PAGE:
9. Desegregation & Resistance • Brown II case (1955) ordered desegregation to be carried out with “all deliberate speed” • Many states used the ambiguous language to delay school integration • Some state officials promised absolute resistance to desegregation efforts • Texas’ governor used the Texas Rangers to stymie integration • 1963: Alabama governor's inaugural address • Within a year, however, more than 500 school districts had desegregated

  10. Central High School Crisis • In 1957, the school district in Little Rock, AR began to desegregate • Gov. OrvalFaubus disagreed with the decision and ordered the Arkansas National Guard to prevent the “Little Rock Nine,” the nine African-American students who had volunteered to attend integrated schools, from going to class • A federal judge ordered the governor to admit the students • Initially, Pres. Eisenhower did not support enforcing states’ compliance with the law • Crisis at Central High caused him to change his mind

  11. Central High School Crisis • Eisenhower placed the Arkansas National Guard under federal control and sent a thousand troops to Little Rock to ensure the students’ safe passage • Still, the students faced constant harassment, intimidation, and threats of violence • Following the end of the school year, the governor closed Central High School

  12. Civil Rights Act of 1957 • First civil rights law since Reconstruction • Gave attorney general greater power over school desegregation • Main goal of law was to ensure blacks’ voting rights • Also, allowed blacks to serve on juries • Lacked enforcement mechanisms, so it was generally ineffective • Sen. Strom Thurmond from South Carolina led the longest one-person filibuster in history (over 24 hours) in a failed attempt to block passage of the bill • Lyndon B. Johnson (D-Tex), then the Senate Majority Leader, was one of the key players in bringing the law to fruition

  13. Discussion • Why might someone resist desegregation efforts? • Why do you think racism exists? • Does racism parallel with other “isms?” • Is it possible to eliminate racism? How?

  14. Bus Discrimination • Blacks were forced to enter at the front of the bus to pay, exit, then re-board and sit at the rear • Mistreated by bus drivers who simultaneously greeted whites respectfully • Black nurses or maids with white children were allowed to sit in seats designated for whites • Many bus routes in the South served a predominantly black clientele. Regardless, blacks could not sit in the front of the bus; even if there were no other seats available, most bus drivers forced them to stand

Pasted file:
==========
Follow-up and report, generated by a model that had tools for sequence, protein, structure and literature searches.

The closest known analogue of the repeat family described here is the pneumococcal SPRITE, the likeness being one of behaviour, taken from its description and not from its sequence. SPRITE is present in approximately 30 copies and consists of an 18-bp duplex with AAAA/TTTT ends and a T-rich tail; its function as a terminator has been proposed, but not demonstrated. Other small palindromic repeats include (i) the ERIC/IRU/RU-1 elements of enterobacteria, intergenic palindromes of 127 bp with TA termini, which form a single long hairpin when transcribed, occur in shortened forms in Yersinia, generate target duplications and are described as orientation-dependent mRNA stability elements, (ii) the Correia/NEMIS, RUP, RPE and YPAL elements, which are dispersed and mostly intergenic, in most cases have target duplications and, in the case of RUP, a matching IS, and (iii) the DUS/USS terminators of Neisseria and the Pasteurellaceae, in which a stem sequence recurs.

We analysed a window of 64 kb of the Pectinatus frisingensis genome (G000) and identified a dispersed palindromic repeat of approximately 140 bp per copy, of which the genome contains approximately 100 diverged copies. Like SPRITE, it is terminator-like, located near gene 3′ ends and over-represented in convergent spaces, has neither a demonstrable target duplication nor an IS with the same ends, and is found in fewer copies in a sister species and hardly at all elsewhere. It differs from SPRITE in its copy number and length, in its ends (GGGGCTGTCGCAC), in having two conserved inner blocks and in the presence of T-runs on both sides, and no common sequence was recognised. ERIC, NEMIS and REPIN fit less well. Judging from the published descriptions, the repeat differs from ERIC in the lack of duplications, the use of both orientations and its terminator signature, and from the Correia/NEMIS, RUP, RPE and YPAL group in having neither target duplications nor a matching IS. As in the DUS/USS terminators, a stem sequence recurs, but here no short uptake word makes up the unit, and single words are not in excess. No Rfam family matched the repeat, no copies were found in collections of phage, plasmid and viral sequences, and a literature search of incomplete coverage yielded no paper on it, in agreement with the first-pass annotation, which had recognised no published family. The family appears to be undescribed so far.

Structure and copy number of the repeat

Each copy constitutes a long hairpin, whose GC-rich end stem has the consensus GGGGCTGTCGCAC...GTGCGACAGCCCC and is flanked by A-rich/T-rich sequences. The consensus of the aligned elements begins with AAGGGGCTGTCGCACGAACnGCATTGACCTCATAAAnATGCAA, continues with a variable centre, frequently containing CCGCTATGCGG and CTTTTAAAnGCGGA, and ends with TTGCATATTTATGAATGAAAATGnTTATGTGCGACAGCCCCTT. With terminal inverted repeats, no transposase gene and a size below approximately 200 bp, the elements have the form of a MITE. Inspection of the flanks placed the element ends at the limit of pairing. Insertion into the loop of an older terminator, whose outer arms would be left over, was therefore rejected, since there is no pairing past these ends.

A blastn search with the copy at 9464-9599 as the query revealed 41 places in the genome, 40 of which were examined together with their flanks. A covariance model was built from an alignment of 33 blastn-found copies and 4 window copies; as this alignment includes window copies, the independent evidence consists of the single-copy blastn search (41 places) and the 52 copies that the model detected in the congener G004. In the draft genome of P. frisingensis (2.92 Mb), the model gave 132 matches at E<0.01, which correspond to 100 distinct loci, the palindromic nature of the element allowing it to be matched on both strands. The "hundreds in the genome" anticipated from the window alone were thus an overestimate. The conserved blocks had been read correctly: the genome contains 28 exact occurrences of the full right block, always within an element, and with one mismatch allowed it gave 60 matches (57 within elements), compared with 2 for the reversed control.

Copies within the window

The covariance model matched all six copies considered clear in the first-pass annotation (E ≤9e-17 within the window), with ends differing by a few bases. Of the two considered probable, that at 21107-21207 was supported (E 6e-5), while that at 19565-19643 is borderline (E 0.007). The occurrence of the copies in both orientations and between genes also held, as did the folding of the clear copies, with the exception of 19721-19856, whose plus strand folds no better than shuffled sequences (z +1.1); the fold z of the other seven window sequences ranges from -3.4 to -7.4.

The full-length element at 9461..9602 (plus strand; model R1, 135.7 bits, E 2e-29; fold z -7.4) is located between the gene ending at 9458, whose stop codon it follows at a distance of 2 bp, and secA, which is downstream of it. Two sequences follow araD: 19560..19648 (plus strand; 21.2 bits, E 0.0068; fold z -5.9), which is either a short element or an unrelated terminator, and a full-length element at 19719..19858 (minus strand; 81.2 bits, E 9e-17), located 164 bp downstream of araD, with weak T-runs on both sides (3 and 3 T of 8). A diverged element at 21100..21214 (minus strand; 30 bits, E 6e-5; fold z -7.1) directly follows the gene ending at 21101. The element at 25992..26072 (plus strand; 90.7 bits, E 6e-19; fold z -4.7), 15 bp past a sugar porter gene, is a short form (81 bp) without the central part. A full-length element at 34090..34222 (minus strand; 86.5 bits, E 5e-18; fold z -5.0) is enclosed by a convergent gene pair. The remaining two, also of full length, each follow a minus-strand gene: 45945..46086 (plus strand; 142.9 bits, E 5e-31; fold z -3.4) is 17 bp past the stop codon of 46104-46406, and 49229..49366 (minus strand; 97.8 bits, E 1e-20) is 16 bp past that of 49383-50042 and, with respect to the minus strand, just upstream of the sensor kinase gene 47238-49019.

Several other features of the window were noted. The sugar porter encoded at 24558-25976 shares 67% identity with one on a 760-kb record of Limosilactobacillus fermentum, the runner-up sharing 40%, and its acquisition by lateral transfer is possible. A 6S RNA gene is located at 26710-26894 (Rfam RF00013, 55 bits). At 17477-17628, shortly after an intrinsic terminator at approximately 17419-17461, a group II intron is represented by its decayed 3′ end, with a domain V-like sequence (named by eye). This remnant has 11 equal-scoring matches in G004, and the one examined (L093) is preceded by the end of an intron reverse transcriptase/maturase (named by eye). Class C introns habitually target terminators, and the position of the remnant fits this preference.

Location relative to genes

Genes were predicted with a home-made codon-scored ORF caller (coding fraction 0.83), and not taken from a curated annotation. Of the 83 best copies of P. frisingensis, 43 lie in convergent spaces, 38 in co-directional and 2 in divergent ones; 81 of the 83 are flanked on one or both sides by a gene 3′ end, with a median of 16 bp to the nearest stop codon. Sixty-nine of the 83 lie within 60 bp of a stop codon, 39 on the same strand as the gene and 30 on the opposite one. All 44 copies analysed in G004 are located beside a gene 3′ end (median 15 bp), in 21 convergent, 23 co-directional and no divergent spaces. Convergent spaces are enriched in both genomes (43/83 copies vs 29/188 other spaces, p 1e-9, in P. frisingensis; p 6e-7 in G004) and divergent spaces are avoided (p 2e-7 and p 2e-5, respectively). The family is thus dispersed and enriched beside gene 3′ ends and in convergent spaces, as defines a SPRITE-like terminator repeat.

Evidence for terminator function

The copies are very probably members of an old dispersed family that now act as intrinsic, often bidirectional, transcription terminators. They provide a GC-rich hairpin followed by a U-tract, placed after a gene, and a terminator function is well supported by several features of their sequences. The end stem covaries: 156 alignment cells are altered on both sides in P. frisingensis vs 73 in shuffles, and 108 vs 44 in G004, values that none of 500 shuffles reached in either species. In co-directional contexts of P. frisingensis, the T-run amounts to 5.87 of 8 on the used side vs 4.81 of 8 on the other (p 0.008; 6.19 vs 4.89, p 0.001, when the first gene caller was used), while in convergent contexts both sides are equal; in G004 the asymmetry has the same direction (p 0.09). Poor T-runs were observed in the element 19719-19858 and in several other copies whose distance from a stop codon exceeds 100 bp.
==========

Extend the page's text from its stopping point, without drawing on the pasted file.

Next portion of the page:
15. Rosa Parks • Parks was a seamstress and NAACP officer • Led a life of activism • On December 1, 1955 she took a seat in the first row of the “colored” section of the bus • The bus filled up quickly and Parks, along with 3 other African-Americans, were asked to give up their seats • The others assented; Parks, however, refused • The bus driver called the cops and had Parks arrested  She went to jail briefly but was released on bail • Parks had had trouble with the same bus driver previously. In 1943, she refused to exit the bus and re-board in the rear after paying her fare. The driver forced her to leave. •

  16. Montgomery Bus Boycott • Following Parks’ protest, African-American leaders decided to boycott Montgomery buses to protest their mistreatment • Formed the Montgomery Improvement Association to organize the boycott  MLK, a 26 year-old minister at a local church, was elected to lead the group • African-Americans took cabs, walked, and organized carpools for transportation • Many whites responded with violence: King’s home and several black churches were bombed • King pleaded with his followers to avoid violent resistance • Boycotts were extremely effective, slicing revenues • 381 day boycott  ended with the 1956 Supreme Court decision outlawing bus segregation • Demonstrated the effectiveness of nonviolent protest and sparked further resistance